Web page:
AMS f370/HIS f365G/WGS f335, 80865/84260/87495
Think you know everything there is to know about American history? Well, think again. Instead of registering for a large U.S. History survey course, you should check out “20th Century United States Lesbian and Gay History” which will be taught by Dr. Mollie Marchione (Mar-ki-o-nay) this summer.
So, what makes this course so different from other American history courses?
Dr. Marchione leads students through an American timeline of sorts, examining LGBT history throughout the decades of the 20th century. The class embraces social history – stories about ordinary people just like us – and how it fits into the bigger picture of major historical events. For instance, did you know that the terms homosexuality and heterosexuality, which many of us now take for granted when we distinguish and identify ourselves, are 20th-century creations?
This course also introduces students to classic gay and lesbian texts, not usually covered in other history courses, to pinpoint the social groups during various eras of American history. From the turn of the century through the World Wars to present day, students will examine what was happening to society in the shadow of war and nuclear threat as people retreated to home and hearth, and what that meant for the gay and lesbian community. Military service, urban migration, anti-homosexual movements in the government, and many more topics are addressed in class. Race and class within the lesbian and gay communities are also studied.
Students will undertake a self-reflective mini-ethnography, tracing early LGBT activity at UT in the 1970s and the current campus perceptions regarding the LGBTQ community. Ultimately, Dr. Marchione hopes that students will have a richer understanding of the world around them and examine present-day LGBTQ struggles with a new awareness.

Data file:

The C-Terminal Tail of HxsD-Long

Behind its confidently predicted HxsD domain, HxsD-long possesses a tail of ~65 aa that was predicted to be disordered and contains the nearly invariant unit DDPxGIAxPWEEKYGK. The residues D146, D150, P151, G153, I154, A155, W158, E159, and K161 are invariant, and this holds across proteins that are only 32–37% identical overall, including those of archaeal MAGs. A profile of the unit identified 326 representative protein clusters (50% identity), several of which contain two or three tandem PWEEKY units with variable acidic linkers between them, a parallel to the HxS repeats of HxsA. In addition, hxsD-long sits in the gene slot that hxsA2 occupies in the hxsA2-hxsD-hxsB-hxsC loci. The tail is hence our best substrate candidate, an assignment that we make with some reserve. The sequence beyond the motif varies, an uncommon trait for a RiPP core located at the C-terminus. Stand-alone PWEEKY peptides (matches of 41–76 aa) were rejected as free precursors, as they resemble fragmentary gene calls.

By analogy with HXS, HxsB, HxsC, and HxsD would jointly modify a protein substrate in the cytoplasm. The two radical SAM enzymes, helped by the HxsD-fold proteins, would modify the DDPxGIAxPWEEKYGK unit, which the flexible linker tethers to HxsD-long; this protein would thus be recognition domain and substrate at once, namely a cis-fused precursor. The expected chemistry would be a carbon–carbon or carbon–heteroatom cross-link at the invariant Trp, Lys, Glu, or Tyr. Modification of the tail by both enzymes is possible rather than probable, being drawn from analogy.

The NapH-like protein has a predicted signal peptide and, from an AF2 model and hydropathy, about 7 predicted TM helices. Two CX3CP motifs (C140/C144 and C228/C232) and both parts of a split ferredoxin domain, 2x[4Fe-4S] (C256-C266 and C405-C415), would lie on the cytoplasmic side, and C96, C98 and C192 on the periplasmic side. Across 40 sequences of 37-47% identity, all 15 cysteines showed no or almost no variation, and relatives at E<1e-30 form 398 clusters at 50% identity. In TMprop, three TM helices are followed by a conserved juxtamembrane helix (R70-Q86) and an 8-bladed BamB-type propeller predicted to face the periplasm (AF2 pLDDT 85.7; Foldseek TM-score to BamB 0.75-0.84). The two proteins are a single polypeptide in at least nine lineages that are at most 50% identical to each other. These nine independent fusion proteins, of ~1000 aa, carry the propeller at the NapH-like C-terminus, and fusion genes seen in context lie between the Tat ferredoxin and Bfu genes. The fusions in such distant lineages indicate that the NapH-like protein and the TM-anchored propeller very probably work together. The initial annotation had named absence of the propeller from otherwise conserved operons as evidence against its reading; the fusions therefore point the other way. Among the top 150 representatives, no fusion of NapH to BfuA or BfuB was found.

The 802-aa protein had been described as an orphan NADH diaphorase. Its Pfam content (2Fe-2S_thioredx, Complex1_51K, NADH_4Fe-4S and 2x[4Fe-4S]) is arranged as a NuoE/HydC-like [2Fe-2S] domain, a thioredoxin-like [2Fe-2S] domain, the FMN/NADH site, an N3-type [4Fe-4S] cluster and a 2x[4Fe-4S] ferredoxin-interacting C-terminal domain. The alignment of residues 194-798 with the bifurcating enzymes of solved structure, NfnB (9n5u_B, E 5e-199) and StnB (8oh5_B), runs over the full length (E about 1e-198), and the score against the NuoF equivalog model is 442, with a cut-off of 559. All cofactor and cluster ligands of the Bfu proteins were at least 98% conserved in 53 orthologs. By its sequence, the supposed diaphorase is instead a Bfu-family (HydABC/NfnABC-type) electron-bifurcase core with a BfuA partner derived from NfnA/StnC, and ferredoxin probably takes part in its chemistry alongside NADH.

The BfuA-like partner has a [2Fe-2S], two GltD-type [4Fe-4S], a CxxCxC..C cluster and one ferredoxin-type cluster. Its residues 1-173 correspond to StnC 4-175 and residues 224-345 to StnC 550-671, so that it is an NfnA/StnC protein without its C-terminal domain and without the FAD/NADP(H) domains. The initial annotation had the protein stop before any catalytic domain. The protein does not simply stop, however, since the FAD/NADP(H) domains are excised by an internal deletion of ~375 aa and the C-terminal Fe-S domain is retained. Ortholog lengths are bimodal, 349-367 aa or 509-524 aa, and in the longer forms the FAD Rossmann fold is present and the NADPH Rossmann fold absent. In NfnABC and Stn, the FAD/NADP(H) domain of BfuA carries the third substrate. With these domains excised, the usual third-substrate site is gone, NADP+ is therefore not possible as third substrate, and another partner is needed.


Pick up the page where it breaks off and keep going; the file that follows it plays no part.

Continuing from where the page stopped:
“I think my students are enjoying it, as much as students can enjoy coming to class,” Dr. Marchione describes the class this semester. She notes that there has been an equal number of both males and females enrolled in her previous classes with different backgrounds but all having receptive minds.
In addition to a PhD in History, Dr. Marchione is the Associate Director for the Center for Women’s and Gender Studies, where she also currently serves as the Graduate Adviser.
This course partially fulfills the legislative requirement for American history and carries both a Cultural Diversity in the U.S. and a Writing flag.
- Banner is from an ad for Arrow Collar by J.C. Leyendecker
- Photo is from Hidden in the Open: A Photographic Essay of Afro American Male Affections by Trent Kelly
- Dos Mujeres y Paisaje by Victor Manuel Garcia